Ready-to-use formula is undoubtedly the most convenient 〞 no mixing or measuring required, just open and serve. It's hygienic and especially helpful in circumstances where you might not have access to safe water. It's also a good choice if your baby was born with a very low birth weight or is otherwise immuno-compromised, because it's sterile. But for everyday use, the convenience of ready-to-use formula comes at a price 〞 ready-to-use formula costs about 25 percent more per ounce than powdered formula. The containers also take up more storage space in your cupboard and more space in the landfill, unless you can recycle all of the cans or bottles. Once opened, ready-to-use formula has a short lifespan 〞 it must be used within 48 hours. Also, because it often has a darker color than powdered formula, many moms complain that it's more likely to stain clothes.

Liquid concentrate formula requires you to mix equal parts of water and formula, so read the instructions on the container carefully. Compared to ready-to-use formula, concentrate is less expensive and takes up less storage space. Compared to powdered formula, it's a little easier to prepare but more expensive.

Powdered formula is the most economical choice and the most environmentally friendly. It takes up the least amount of space in transport, in your pantry, and in your trash can. Powdered formula takes more time to prepare than other types of formula, and you must follow the directions exactly, but it has a one-month shelf life after the container has been opened. Besides, you can mix up just the right amount whenever you need it 〞 as much or as little as you want 〞 which is especially helpful if you're a breastfeeding mom who may only need an occasional supplemental bottle for your baby.

3ㄝTypes of formula

There's a formula to suit every baby's needs.

Cow's-milk-based formula: Most formula available today has cow's milk as its main ingredient. The protein in the milk is significantly altered to make it easier to digest, because your baby won't be ready to digest regular cow's milk until after his first birthday.

Soy-based formula: If you're a vegan, or if your baby has trouble digesting cow's milk protein, the doctor may suggest a soy-based formula. These are made with a plant protein that, like the protein in cow's milk, is modified for easy digestion by babies. You may also want to talk with your baby's doctor about giving soy-based formula a try if your baby has colic. The evidence isn't conclusive, but some research suggests it's worth a try.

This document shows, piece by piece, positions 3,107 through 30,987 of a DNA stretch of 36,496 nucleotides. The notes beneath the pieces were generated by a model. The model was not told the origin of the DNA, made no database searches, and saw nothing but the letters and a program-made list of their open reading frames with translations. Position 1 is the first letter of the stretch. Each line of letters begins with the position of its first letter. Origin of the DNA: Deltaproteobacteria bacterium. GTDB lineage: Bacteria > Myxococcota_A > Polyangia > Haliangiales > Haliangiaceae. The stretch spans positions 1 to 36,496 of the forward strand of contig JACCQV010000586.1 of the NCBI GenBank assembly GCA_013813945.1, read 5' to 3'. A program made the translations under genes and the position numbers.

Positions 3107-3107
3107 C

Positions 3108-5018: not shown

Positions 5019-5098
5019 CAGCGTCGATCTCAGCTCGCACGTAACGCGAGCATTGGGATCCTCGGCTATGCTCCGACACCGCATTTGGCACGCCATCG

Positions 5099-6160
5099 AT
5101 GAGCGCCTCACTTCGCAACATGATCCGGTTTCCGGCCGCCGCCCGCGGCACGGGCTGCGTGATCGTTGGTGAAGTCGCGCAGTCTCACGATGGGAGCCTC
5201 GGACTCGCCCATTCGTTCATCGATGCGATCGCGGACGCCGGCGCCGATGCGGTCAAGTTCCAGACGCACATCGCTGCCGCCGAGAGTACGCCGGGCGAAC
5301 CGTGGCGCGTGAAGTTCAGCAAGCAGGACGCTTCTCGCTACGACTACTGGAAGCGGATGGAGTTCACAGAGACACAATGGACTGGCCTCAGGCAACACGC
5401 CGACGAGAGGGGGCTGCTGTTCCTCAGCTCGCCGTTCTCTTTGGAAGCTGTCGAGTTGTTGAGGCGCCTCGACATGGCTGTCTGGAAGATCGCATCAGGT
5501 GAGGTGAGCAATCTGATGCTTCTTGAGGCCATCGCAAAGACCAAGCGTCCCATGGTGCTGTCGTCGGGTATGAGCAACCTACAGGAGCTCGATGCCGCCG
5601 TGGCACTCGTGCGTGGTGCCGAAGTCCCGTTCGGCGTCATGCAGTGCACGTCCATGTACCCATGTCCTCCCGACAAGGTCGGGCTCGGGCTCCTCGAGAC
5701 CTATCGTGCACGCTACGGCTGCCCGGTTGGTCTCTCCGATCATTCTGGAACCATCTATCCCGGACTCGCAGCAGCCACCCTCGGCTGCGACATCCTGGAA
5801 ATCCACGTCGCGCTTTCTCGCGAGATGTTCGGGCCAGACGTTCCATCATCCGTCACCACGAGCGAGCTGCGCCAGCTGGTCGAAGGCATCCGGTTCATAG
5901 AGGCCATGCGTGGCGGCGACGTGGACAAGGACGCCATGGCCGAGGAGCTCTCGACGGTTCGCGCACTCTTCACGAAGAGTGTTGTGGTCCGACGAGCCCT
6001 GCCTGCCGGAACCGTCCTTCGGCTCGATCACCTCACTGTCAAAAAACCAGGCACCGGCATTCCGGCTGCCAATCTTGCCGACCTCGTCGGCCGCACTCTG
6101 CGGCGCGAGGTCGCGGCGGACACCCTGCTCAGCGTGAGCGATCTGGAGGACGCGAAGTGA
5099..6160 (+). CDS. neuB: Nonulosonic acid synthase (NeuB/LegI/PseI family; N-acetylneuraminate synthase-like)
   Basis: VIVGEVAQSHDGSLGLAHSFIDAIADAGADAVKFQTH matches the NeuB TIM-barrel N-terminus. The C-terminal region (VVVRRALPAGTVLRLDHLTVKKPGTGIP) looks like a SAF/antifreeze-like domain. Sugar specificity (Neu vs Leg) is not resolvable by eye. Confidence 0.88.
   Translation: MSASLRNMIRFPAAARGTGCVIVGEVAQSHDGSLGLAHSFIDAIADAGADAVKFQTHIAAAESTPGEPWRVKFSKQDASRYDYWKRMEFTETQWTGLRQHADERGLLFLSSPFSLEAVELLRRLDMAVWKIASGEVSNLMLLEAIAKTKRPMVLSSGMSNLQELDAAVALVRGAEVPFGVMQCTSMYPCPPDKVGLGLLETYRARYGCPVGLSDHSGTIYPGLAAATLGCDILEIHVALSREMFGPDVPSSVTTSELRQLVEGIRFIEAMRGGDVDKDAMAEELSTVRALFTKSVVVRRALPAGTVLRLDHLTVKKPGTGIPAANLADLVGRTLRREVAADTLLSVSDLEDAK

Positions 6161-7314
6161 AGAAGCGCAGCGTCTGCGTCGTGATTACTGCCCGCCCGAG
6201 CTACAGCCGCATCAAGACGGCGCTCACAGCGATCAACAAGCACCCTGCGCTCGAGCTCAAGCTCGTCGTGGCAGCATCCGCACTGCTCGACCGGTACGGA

Lactose-free formula: If your baby is lactose-intolerant or unable to digest lactose, the sugar naturally found in milk, his doctor will recommend a lactose-free formula in which the lactose is replaced with a different sugar, such as corn syrup.

Extensively hydrolyzed formula: In these formulas, the protein is broken down into smaller parts that are easier for your baby to digest than larger protein molecules. Your baby may need a hydrolyzed formula if he has allergies or trouble absorbing nutrients. The doctor may also suggest trying a hydrolyzed formula if your baby has colic.

Formulas for premature and low-birth-weight babies: These formulas often contain more calories and protein, as well as a more easily absorbed type of fat called medium-chain triglycerides.

Human milk fortifier: This product is used to enrich the nutrition of breastfed babies who have special needs. Some are designed to be mixed with breast milk, and some can also be fed alternately with breast milk.

Metabolic formulas: If your baby has a disease that requires very specialized nutrition, he may need one of these specially developed formulas.

4ㄝWhat's in formula? How do formulas differ?

There are six main ingredients in formula: carbohydrate, fat, protein, vitamins, minerals, and other nutrients. What makes one brand of formula different from the next is the specific carbohydrate or protein it uses, as well as any additional ingredients it includes. For example, casein and whey are two kinds of cow's milk proteins that are found in various proportions among different brands of cow's-milk-based formula.

It's very easy to get confused by all of the items listed on the ingredient label. Below, we guide you through the maze of ingredients, and compare them to those found in breast milk.

Carbohydrate: Lactose is the main carbohydrate source in breast milk, and it is also the primary carbohydrate source in cow's-milk-based formulas. Corn maltodextrin is sometimes used as a secondary source of carbohydrate. Lactose-free, soy, and special formulas contain one or more of the following carbohydrates: sucrose, corn maltodextrin, modified cornstarch, or corn syrup solids.

Protein: Breast milk contains about 60 percent whey and 40 percent casein. Most formulas have similar protein content. Others contain 100 percent whey. Some studies indicate that whey protein is digested faster than casein, which could be beneficial for babies with gastroesophageal reflux disease (GERD).

Soy formulas contain soy protein isolate. Some brands use partially hydrolyzed soy protein to encourage easier digestion.

Sometimes the protein in formula is partially hydrolyzed, or broken down. Partially hydrolyzed formulas are not hypoallergenic 〞 don't use one if your baby has a protein allergy, or even if you suspect he may have one. However, partially hydrolyzed whey formulas have been shown in one study to reduce atopic dermatitis, compared to standard cow's-milk formula.

Extensively hydrolyzed formulas contain extensively broken-down casein with additional amino acids, which are the building blocks of protein. These formulas are considered hypoallergenic and are used for babies who have a protein allergy.

Fat: Breast milk contains a blend of monounsaturated, polyunsaturated, and saturated fat. Formulas use a variety of oils to match the fat makeup of breast milk. They include soy oil, coconut oil, corn oil, palm or palm olein oil, and high oleic sunflower oil. Although palm and palm-olein oil are widely used, research has shown that these fats can reduce absorption of fat and calcium from formula. In other words, your baby may not absorb as much fat and calcium as he would from a formula that doesn't contain these oils.